Inappropriately low Reticulocyte
•    History                                                   Count
      – Age and sex
                                                               Normal MCV
      – Chronology
      – Bleeding                                               Normochromic Normocytic
      – Other Medical Problems                                 Anisocytosis
      – Inflamatory                                            Iron       Low
      – Malignancy screening
                                                               TIBC       Low
•    Physical
      – Look for signs of other diseases                       Ferritin   Normal or high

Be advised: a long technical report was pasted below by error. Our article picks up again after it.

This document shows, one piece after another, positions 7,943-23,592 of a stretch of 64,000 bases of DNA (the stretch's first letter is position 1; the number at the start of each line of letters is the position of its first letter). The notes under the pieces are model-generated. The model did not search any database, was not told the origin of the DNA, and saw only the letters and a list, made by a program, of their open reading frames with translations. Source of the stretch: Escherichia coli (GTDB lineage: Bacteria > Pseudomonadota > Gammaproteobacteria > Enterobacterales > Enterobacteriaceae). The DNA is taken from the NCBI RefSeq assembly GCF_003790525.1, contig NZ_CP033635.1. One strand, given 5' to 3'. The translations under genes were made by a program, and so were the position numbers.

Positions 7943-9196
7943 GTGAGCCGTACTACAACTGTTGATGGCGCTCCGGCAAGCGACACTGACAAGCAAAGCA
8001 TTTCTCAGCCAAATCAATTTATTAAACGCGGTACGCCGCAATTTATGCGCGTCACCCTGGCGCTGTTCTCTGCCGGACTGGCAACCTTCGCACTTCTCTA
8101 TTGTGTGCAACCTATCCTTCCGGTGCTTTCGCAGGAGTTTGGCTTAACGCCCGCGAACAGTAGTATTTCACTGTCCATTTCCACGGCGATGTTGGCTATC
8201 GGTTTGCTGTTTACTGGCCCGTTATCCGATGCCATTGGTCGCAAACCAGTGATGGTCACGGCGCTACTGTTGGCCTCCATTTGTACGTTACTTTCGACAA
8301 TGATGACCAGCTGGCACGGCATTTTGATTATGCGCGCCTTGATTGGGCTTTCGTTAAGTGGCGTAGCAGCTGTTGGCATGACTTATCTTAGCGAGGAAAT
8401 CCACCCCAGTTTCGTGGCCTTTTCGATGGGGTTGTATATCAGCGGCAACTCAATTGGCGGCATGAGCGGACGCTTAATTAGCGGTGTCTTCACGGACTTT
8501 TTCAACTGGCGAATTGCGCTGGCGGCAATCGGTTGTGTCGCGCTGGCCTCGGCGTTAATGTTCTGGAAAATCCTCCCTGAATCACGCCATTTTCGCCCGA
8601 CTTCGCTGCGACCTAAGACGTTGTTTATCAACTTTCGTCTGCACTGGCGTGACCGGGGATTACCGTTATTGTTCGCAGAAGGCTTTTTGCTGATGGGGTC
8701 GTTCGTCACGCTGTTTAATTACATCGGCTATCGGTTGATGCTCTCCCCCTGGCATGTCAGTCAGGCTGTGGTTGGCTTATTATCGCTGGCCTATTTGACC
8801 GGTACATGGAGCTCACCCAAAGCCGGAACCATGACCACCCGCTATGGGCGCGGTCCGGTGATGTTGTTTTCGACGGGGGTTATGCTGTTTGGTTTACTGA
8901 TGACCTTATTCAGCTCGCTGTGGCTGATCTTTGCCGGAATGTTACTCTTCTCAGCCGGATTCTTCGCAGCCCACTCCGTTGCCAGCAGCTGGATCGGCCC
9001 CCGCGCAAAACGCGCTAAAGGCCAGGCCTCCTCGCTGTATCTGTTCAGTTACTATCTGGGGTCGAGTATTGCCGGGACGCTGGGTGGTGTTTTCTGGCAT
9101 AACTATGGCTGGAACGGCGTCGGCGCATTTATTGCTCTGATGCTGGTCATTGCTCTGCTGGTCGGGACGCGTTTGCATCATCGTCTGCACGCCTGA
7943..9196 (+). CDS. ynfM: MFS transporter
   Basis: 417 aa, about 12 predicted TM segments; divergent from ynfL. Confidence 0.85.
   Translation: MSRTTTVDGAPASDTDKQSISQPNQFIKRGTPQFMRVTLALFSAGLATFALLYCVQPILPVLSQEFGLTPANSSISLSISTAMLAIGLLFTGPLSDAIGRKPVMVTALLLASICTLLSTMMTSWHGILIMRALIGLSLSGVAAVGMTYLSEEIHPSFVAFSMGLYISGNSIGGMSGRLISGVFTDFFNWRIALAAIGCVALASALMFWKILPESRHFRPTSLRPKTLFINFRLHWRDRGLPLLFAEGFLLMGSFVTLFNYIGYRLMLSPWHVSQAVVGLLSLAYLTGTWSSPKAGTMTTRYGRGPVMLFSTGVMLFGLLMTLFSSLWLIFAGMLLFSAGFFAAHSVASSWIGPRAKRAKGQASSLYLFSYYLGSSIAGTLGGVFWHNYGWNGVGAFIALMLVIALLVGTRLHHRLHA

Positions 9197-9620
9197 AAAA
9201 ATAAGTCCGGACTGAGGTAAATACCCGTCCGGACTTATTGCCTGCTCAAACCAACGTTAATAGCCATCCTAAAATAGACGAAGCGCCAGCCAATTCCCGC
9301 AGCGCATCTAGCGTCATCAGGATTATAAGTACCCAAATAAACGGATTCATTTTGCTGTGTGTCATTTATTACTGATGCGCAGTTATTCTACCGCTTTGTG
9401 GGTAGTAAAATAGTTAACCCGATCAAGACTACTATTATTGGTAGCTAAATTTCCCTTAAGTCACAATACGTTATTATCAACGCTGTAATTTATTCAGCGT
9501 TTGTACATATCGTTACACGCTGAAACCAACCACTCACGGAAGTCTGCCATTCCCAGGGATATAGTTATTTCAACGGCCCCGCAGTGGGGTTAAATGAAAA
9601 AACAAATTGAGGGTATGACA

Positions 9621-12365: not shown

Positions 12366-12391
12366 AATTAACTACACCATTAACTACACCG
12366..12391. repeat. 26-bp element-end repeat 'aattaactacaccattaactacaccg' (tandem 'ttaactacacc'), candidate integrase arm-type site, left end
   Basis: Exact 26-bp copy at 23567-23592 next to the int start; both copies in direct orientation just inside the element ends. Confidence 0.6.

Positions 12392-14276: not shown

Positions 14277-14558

The MOST important issue in this type of anemia is to determine the underlying disease
    and treat it rather than the anemia per se
                                  Cases
• Case 1
  34 year old female with anemia for several months. Has no SOB, CP
  or lightheadness. No bleeding. Hb 9g/dl, MCV 70. Retic 1.5%


         Fe 10, IBC 500, Iron Saturation 2 % Ferritin 1
         Gyn workup negative
         Von Willebrand Disease Workup negative
         Colonoscopy negative
         Tissue transglutaminase Antibody +
         EGD biopsy diagnostic of celiac disease
         Gluten Free Diet resulted in resolution of the anemia
                                Cases
•   Case 2
    70 years old female. Generalized weakness for several months. No SOB,CP or
    lighheandeness. Exam PIP nodules. Anemia 10g/dl. MCV 84. Retic 1.5%
End